What happens when your children find themselves in conflict with the children of friends of yours? How do you handle it? Do you get involved, or do you allow them to try to work through it?

In my experience, this is a tricky area to navigate, and can truly put adult friendships to the test. Let me explain.

For many years, we regularly got together with family friends who had children that were around the same age as my two children. Throughout elementary school, the older two were close friends. Then, they went to middle school and their friendship changed. That’s par for the course, life in middle school. The other mom and I remained friends acknowledging that our older two just grew apart. We honestly separated our friendship from our children. I think this is a very important part of adult relationships.

When the younger two entered high school, their relationship seemed to grow in so many ways, even having a class together.

Knowing this mom so well, I also knew a lot about her daughter. As moms and friends, we tended to share insight into our children. We often spoke about some of the challenges that our children experienced from our own perspective. I knew that they were struggling with how to best support their child, and I understood how painful and challenging this can be.

As the years in high school went on, my daughter did her very best to support her friend and be there for her when she needed help or guidance through different situations. As time went on, my daughter felt like she was always the one giving her time and energy, with nothing in the relationship being returned. She was frustrated and felt like she needed to stand up for herself in order to get out of the friendship what she was putting into it. She decided to share her feelings, so once the school year came to a close, she elected to write a letter. She did this because she felt that she might be too emotional for an in-person discussion, and she wanted to ensure that her message did not come across wrong.

Ironically, the letter that had been intended to clearly outline her thoughts and feelings caused the very misunderstanding she was trying to avoid by doing it this way. The friend was hurt by the letter, which caused more issues between the two.

The scenario came full circle when the mother read the letter and concluded that this was my fault. She felt that because I am a parenting coach, I should not have allowed my daughter to write this letter.

I explained that this was truly about the girls, not about the parents. I suggested that just as we have separated our friendship from that of our children before, we let them work through their issues themselves. She did not agree and insisted that if I had any knowledge of this letter, I should have immediately stopped it, knowing how it might make her child feel. All that I could think of at that moment was “What about my child? What about how my child has been feeling?”.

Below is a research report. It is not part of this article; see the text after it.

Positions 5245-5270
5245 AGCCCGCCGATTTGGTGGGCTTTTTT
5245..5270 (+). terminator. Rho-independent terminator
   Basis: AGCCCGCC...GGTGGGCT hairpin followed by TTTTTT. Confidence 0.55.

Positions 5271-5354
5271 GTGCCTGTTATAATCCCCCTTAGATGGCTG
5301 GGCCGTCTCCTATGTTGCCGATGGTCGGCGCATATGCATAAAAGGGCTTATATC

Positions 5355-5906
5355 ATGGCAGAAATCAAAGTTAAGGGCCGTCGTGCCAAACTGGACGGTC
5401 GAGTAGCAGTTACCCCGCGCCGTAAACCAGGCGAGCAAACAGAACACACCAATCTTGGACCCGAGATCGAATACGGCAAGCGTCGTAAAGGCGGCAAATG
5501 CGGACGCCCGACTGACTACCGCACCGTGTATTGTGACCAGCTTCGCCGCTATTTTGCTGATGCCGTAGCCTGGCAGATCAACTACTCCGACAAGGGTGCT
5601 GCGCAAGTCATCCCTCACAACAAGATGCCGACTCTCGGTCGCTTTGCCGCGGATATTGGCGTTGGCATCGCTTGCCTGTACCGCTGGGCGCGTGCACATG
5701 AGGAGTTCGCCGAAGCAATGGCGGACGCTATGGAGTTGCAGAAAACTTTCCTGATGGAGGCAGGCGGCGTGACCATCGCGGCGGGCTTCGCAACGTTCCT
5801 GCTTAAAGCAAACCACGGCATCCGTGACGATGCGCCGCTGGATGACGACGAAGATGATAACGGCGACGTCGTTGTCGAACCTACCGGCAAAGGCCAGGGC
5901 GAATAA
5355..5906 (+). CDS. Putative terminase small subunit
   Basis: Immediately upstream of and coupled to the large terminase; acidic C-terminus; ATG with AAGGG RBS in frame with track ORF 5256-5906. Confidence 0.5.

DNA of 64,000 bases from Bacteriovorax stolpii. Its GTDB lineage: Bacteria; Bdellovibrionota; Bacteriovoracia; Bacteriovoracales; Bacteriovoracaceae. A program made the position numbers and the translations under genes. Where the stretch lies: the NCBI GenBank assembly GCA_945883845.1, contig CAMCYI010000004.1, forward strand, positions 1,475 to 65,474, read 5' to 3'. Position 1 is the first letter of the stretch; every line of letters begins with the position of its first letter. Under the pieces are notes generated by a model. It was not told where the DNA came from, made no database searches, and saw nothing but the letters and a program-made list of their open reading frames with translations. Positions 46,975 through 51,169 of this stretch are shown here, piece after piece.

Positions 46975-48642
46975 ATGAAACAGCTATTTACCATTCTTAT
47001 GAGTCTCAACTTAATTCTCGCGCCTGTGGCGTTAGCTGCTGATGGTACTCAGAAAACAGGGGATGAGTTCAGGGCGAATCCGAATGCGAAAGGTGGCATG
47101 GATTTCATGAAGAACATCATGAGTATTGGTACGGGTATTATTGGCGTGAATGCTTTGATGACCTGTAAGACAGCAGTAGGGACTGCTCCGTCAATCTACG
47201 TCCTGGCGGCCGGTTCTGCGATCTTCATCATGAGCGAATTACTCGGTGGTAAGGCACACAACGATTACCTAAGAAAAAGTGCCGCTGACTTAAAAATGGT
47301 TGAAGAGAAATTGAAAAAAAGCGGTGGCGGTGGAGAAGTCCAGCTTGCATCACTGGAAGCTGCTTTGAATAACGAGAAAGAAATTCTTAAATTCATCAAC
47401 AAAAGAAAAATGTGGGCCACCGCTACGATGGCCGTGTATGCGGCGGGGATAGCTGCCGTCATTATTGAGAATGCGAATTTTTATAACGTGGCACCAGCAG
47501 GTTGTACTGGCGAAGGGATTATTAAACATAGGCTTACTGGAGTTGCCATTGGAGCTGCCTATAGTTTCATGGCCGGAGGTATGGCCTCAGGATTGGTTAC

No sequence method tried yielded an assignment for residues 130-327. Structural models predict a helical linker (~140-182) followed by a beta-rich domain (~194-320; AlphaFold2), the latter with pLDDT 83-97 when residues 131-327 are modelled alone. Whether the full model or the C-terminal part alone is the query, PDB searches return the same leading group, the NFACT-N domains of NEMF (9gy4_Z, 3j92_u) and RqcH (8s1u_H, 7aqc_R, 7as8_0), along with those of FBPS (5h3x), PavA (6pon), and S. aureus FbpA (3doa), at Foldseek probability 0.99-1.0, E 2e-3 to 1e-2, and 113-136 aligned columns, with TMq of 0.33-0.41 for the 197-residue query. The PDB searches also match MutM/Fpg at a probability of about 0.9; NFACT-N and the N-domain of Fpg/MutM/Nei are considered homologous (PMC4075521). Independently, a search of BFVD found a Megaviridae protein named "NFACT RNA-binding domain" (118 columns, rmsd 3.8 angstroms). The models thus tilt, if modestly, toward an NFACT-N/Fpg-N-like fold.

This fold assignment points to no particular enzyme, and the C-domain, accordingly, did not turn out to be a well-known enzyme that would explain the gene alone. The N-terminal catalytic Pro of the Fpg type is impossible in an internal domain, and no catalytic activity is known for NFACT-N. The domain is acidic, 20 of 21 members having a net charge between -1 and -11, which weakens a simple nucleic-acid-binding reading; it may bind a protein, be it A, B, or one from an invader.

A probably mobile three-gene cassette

I tried as best as I could to empathize with this mom. After all, I am a parent too. While it was difficult to change my perspective (that I understand may have been influenced by the knowledge I have gained in my career), I did step back and really try hard to see things from hers. It was extremely challenging.

So, I asked myself the following:

  • How is responding to the letter the parent’s responsibility, when the letter was written from one 17-year-old to another?
  • Why were our kids not allowed to navigate their friendship themselves?
  • Is it my role to stop my almost grown daughter from expressing herself in this manner?

I acknowledged that regardless of what was intended in my daughter’s letter, they interpreted it as hurtful, but I kept coming back to the fact that this was between my daughter and her friend, not my friend and I!

Sadly, this mom (and also dad) did not agree. This time, they were unable to separate our friendship from our children. They believed that I should have done something to stop this from happening and that my role as a parenting coach should have pushed me to stop the letter-writing in its tracks.

Unfortunately, the adult friendship did not continue, and neither did that between our kids.

I share this story with you because I think it is important that we look at our children as sovereign beings: able to navigate life, relationships, pain and hurt in their own way. We should be present as their guides to support them in whatever way we can, but I believe in my kids’ ability to sort these things out themselves. I give them space and room that they need to do so.

As parents, there is so much that we can take away from this story.

I think the first thing is to reflect on your role as a parent.

  • Are you responsible for your children’s friendships during the teen years, or any years really? 
  • If your kids are old enough and responsible enough in relationships, can you allow them to navigate this area?
  • How does it make our children feel if we do step in and try to manage this for them? Do you think it would make them feel like they are not capable?

It can be difficult to know when to support your teen, and when to step in and advocate for them. By trusting that your child is a capable individual who is able to make informed choices, we can begin to see this line more clearly. There is absolutely a way to support your child, listen to them, and help them process their emotions without stepping on their toes. When we do so, we equip our children to be self-sufficient and have the confidence to navigate tricky situations.


  1. Love this point. We must let our kids work their own way through life, just as we do.
    Sometimes friendships come to a natural conclusion and that’s ok!

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